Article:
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Updike Phyllis A. D.N.S. R.N.; Charles, David M. M.D., F.C.S., F.A.C.S.
Annals of Plastic Surgery: July 1987
Original Articles: PDF Only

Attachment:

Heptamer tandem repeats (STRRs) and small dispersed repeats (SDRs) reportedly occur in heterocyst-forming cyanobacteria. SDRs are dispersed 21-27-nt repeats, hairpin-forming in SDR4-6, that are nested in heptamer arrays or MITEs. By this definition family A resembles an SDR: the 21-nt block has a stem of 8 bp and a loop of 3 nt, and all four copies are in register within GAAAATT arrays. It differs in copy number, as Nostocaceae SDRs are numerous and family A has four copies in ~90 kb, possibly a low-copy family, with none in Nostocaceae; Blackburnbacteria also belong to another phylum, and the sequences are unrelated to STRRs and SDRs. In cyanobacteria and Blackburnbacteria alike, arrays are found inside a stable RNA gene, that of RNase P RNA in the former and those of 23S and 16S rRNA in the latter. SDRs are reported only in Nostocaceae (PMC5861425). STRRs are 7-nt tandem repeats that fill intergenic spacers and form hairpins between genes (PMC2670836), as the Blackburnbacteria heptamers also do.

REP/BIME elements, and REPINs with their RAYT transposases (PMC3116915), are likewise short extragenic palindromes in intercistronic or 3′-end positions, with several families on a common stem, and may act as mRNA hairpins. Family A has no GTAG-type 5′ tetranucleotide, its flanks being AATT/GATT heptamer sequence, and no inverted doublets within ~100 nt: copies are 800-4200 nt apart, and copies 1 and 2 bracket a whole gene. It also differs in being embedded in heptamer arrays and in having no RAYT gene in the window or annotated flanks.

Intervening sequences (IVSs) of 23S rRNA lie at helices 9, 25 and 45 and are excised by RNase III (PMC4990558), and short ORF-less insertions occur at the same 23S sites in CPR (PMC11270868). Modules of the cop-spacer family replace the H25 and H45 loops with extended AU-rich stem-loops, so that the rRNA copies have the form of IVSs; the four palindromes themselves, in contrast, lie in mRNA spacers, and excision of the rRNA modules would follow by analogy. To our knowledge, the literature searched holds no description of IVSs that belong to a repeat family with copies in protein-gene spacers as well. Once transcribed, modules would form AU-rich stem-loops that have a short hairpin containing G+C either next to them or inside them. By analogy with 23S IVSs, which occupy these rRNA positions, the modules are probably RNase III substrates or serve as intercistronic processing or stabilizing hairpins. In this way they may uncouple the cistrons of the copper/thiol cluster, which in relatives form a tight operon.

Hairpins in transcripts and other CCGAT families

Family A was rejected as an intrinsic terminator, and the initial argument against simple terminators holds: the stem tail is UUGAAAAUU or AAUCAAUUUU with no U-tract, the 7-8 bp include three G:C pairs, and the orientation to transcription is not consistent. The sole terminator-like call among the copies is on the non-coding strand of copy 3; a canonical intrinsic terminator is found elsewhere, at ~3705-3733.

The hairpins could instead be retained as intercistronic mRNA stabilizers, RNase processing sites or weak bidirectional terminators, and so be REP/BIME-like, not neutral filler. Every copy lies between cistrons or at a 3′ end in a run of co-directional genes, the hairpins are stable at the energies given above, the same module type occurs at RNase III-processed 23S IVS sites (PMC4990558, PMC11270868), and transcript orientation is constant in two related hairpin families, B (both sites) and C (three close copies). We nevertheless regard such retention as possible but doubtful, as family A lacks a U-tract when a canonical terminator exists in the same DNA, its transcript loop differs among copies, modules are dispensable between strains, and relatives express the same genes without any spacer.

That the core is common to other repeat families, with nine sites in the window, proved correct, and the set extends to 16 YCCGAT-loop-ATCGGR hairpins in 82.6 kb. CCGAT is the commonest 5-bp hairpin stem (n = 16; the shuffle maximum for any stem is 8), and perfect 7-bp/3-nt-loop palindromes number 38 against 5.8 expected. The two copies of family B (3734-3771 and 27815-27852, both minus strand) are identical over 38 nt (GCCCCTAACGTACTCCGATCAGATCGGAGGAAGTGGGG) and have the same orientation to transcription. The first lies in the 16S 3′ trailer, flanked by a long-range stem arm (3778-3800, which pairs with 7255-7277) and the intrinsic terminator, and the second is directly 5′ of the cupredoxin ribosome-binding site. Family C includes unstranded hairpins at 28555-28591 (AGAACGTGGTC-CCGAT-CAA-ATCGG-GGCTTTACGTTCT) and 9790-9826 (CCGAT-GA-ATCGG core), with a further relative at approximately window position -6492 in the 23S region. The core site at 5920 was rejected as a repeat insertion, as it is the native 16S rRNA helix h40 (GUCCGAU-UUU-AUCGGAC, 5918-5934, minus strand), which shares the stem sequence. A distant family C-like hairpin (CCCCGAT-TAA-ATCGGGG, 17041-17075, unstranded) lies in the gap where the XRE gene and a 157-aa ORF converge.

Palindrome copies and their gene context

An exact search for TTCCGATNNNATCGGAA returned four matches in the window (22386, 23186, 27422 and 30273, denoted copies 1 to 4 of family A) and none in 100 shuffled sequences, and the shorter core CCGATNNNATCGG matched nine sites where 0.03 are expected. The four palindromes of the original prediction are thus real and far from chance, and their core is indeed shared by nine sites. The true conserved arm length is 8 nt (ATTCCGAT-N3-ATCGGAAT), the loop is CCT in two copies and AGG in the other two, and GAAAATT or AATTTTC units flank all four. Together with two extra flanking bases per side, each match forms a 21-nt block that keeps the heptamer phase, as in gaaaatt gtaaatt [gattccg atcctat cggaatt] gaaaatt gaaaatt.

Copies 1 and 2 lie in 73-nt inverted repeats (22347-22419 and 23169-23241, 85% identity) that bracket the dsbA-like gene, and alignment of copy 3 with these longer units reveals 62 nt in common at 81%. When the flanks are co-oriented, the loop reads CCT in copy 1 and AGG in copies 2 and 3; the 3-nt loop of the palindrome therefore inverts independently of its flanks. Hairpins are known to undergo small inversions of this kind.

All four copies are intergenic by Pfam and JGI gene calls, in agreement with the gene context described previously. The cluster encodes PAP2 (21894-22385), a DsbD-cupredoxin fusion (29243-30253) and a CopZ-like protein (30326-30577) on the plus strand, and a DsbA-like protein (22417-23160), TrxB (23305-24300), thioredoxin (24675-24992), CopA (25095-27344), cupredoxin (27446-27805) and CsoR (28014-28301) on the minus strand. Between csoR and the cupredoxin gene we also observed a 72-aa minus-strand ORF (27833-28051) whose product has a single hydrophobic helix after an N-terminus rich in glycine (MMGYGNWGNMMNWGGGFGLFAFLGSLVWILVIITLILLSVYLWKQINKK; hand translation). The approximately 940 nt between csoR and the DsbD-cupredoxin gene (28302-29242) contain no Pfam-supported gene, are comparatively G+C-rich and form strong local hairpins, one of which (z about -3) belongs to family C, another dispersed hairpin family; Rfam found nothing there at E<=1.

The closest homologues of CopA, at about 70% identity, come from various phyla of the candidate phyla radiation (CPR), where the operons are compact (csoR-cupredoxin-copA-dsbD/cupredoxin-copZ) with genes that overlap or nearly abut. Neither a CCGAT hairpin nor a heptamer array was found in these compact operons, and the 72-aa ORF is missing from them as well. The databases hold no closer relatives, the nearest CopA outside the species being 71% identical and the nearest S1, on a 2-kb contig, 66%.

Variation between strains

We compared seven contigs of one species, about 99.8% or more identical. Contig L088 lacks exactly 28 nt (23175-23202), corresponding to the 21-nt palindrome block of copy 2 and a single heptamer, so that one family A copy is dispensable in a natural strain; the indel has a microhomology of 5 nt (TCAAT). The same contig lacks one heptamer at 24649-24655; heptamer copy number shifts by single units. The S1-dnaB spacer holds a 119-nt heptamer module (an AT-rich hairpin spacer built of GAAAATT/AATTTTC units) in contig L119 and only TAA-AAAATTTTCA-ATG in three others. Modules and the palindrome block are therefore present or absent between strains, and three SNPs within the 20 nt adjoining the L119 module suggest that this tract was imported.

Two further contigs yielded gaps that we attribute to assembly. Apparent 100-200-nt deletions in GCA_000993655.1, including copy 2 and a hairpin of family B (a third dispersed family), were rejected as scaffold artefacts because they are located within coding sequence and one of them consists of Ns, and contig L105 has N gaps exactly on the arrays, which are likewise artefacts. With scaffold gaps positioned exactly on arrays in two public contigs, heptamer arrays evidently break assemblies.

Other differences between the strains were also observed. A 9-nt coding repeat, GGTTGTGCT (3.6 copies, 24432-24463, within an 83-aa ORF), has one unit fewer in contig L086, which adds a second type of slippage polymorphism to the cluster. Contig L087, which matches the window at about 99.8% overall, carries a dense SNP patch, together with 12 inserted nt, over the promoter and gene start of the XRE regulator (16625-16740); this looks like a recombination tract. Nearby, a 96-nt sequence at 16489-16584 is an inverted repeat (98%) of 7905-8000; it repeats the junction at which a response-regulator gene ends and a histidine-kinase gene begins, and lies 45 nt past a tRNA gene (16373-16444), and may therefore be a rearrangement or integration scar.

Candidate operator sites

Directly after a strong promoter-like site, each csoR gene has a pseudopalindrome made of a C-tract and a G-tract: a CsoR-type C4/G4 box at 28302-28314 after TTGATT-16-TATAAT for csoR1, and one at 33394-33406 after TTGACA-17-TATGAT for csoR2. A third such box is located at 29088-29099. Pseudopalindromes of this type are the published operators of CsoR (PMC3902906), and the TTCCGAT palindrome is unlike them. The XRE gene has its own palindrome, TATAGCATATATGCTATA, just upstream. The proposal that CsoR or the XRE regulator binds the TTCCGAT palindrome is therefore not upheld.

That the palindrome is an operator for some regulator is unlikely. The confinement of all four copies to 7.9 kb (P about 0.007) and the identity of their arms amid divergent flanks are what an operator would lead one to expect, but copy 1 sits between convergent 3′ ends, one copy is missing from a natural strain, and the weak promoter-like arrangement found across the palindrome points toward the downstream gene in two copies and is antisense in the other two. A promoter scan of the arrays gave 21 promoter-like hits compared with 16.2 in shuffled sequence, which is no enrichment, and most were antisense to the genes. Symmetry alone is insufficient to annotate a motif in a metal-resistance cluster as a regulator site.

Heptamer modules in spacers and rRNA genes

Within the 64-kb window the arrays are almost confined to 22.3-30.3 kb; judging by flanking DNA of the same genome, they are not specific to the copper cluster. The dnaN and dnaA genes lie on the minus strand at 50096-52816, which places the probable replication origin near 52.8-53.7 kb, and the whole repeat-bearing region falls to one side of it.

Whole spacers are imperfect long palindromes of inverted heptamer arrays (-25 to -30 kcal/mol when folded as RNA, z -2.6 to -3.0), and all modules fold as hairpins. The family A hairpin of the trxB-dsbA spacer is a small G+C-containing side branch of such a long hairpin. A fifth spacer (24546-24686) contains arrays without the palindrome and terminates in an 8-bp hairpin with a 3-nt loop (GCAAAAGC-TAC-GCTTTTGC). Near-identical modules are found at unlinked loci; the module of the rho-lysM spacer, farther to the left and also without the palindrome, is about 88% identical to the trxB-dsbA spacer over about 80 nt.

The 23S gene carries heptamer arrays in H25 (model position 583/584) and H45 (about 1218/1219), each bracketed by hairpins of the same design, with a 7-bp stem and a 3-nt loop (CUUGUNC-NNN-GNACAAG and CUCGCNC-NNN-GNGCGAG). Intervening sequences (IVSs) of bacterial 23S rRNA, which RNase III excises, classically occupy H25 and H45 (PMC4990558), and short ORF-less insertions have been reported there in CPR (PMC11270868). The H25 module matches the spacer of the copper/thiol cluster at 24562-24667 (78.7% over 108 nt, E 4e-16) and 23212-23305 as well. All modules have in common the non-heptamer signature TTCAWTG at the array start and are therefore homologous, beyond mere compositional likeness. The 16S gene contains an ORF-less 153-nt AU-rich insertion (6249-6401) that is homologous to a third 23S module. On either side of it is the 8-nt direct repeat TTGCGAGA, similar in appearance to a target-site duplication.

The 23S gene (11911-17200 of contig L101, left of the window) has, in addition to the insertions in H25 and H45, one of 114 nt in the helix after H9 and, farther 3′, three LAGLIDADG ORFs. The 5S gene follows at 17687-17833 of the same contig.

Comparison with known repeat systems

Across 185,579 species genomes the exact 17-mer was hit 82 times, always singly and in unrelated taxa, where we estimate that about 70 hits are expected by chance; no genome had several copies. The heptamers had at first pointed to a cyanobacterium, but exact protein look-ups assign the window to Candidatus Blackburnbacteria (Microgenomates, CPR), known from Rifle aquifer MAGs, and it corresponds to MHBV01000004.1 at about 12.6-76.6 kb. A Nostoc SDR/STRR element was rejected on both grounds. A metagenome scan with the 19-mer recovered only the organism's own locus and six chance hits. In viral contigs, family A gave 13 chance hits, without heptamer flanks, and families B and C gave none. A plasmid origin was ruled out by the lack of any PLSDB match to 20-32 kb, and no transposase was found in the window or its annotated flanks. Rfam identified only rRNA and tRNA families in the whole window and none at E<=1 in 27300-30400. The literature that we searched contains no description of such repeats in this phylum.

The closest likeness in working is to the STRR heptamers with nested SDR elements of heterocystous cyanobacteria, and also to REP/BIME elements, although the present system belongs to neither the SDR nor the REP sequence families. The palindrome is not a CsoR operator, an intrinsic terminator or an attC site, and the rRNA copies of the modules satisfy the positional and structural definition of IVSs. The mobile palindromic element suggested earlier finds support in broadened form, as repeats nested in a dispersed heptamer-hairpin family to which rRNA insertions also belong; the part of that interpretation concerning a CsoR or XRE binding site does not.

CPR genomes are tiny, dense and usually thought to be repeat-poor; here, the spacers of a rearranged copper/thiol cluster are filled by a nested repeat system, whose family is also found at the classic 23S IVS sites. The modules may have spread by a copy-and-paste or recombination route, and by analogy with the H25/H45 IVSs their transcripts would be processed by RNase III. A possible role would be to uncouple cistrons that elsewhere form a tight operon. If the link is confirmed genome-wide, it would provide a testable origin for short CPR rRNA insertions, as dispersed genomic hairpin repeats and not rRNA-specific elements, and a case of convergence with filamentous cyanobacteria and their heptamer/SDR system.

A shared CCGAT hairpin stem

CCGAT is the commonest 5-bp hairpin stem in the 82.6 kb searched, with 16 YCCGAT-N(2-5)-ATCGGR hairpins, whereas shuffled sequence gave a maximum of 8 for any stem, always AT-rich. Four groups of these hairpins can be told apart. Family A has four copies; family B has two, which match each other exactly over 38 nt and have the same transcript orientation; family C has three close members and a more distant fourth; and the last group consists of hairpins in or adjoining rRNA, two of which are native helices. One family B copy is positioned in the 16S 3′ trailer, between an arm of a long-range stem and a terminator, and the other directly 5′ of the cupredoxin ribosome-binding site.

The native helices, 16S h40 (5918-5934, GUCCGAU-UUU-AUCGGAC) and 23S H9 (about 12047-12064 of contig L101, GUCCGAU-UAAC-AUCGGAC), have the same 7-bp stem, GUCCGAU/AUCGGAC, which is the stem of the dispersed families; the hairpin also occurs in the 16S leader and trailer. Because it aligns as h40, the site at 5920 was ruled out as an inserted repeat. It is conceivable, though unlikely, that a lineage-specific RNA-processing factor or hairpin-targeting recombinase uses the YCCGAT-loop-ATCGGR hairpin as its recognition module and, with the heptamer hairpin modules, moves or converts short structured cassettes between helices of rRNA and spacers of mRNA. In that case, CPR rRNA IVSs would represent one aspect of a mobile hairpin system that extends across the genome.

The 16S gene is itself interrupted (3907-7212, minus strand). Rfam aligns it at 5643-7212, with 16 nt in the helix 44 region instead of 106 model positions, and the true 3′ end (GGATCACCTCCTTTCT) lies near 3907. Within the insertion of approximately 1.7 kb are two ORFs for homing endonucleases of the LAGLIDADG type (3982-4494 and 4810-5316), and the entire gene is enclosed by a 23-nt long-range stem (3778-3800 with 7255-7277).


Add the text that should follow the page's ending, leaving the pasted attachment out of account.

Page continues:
This study investigated the physiological and emotional responses of patients awaiting an elective plastic surgery procedure to a 30-minute taped music program. The study replicated in part the research study of Bonny entitled “Music Rx.” Values for the physiological variables of systolic blood pressure, diastolic blood pressure, pulse rate, mean arterial pressure (MAP), and double product index (DPI) were obtained before and after the music listening. These data were analyzed via a repeated measures t-test using each subject as her or his own control. The convenience sample of 10 was nonrandomized. Emotional responses were evaluated by means of an open-ended, nondirective questionnaire developed around 5 categories of depression, sadness, and despair; psychological isolation and defensiveness; anxiety; difficulty of medical management; and preoccupation with pain. Process recordings and documented verbal and body language were used before and after the music to identify themes and mood states expressed by patients. Every physiological variable decreased in value at the <.001 level of significance. The most significant emotional effect appeared to be an experienced shift in patients' awareness toward a more relaxed, calm state. The most critical conclusion is that music listening appeared to effect desirable pattern shifts in physiological and emotional states in the presurgical setting for those patients studied.

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